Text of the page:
Saturday, 2 August 2014

Extended Stay

We woke this morning to find the junction pound above Henhurst lock in Wigan had dropped yet another foot.  Yesterday’s decision to reverse down through Henhurst Lock and moor opposite the CRT offices was correct.  Around 8.30am an email from CRT advising the pound was closed due to paddles being left open.  We saw no sign of this and suspect it’s more likely due to the badly leaking gates on Poolstock Top Lock and the fact that the water entering the pound comes from the Wigan flight but can depart either via the Leigh Branch or the route to Liverpool.  Moreover boats coming from Leigh take water from the pound to reach Wigan and then take more water from the pound when turning left to Liverpool.  So there are two problems; an imbalance of boat movements (lock usage) and leaking gates.

CRT have pumps which draw water from the River Douglas to restock the pound, but one had failed.  Apparently when the engineer arrived and attempted to switch to the second pump it also failed.  Local boaters were informed the pumps could only be repaired by removing them with a mobile crane.  This has been arranged for tomorrow.  Wearing my former maintenance planner’s hat I can only conclude there is a failure in the CRT preventative maintenance plan for both primary and reserve pumps to be found defective.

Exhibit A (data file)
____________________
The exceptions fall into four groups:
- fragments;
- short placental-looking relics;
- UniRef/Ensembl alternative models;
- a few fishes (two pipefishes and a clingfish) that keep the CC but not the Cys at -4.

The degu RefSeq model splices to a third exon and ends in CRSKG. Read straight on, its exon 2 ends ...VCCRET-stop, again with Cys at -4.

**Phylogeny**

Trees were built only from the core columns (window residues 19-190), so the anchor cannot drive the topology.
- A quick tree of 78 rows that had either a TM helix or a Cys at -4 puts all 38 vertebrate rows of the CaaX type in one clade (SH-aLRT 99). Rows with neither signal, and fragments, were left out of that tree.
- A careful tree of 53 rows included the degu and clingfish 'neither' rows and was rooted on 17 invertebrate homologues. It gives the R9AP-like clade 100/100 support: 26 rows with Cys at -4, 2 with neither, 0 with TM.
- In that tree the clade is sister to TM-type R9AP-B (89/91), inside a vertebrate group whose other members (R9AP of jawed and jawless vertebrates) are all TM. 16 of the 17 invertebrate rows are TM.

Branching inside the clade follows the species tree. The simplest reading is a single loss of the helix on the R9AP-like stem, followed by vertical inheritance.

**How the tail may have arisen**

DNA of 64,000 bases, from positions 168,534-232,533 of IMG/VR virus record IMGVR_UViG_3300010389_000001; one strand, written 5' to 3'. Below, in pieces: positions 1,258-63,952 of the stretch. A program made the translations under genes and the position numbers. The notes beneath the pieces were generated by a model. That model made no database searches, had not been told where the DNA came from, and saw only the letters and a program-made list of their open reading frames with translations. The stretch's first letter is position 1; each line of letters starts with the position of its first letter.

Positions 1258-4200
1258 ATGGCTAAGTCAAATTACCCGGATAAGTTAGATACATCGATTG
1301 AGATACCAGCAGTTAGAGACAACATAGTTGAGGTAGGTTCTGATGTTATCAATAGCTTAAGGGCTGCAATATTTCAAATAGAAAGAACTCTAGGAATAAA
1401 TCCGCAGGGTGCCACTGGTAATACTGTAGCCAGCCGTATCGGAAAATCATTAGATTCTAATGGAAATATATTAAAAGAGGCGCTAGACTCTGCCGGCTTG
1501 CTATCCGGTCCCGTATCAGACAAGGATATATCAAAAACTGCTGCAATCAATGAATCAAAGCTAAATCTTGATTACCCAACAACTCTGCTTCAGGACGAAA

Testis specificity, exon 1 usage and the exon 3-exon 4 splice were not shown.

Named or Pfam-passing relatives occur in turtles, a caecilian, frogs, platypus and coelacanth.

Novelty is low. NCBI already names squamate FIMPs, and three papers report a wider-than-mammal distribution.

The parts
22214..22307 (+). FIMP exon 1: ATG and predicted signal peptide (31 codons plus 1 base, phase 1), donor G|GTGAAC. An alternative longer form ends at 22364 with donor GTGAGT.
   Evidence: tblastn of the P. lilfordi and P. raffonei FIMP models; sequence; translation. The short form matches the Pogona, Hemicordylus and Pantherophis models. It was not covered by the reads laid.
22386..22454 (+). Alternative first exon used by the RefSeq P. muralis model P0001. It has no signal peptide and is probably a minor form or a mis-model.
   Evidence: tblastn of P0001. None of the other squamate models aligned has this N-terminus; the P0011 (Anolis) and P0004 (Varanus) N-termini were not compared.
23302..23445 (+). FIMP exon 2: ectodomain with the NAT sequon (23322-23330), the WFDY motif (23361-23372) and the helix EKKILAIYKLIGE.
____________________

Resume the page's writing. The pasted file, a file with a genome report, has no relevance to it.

The most obvious solution would have been to raise a top and bottom paddle on the top lock of the Wigan flight thereby allowing more water to run down the flight via the bywashes.  Eventually CRT did this at 4.00pm.  However I noted the volume of water entering the pound from the flight bywash was almost the same as the volume of water leaking out of Poolstock Top Lock on the Leigh Branch.  It will be interesting to see if the water level in the pound has risen much by tomorrow morning. 

CRT have made the decision to close the Leigh Branch in an effort to retain water entering the pound from the flight.  They also invited waiting boaters moored outside their offices to go up the flight as a further means of getting additional water into the pound.  At 4.00pm no boater was interested in attempting to complete the 21 locks in the flight when the transit time is approximately four hours.  I wasn’t even certain we could make it through the pound!

The lock keepers will be back on site at 8.00am tomorrow and we plan to be third in the queue to go up the flight.  Fortunately we’re not in a hurry to get anywhere.

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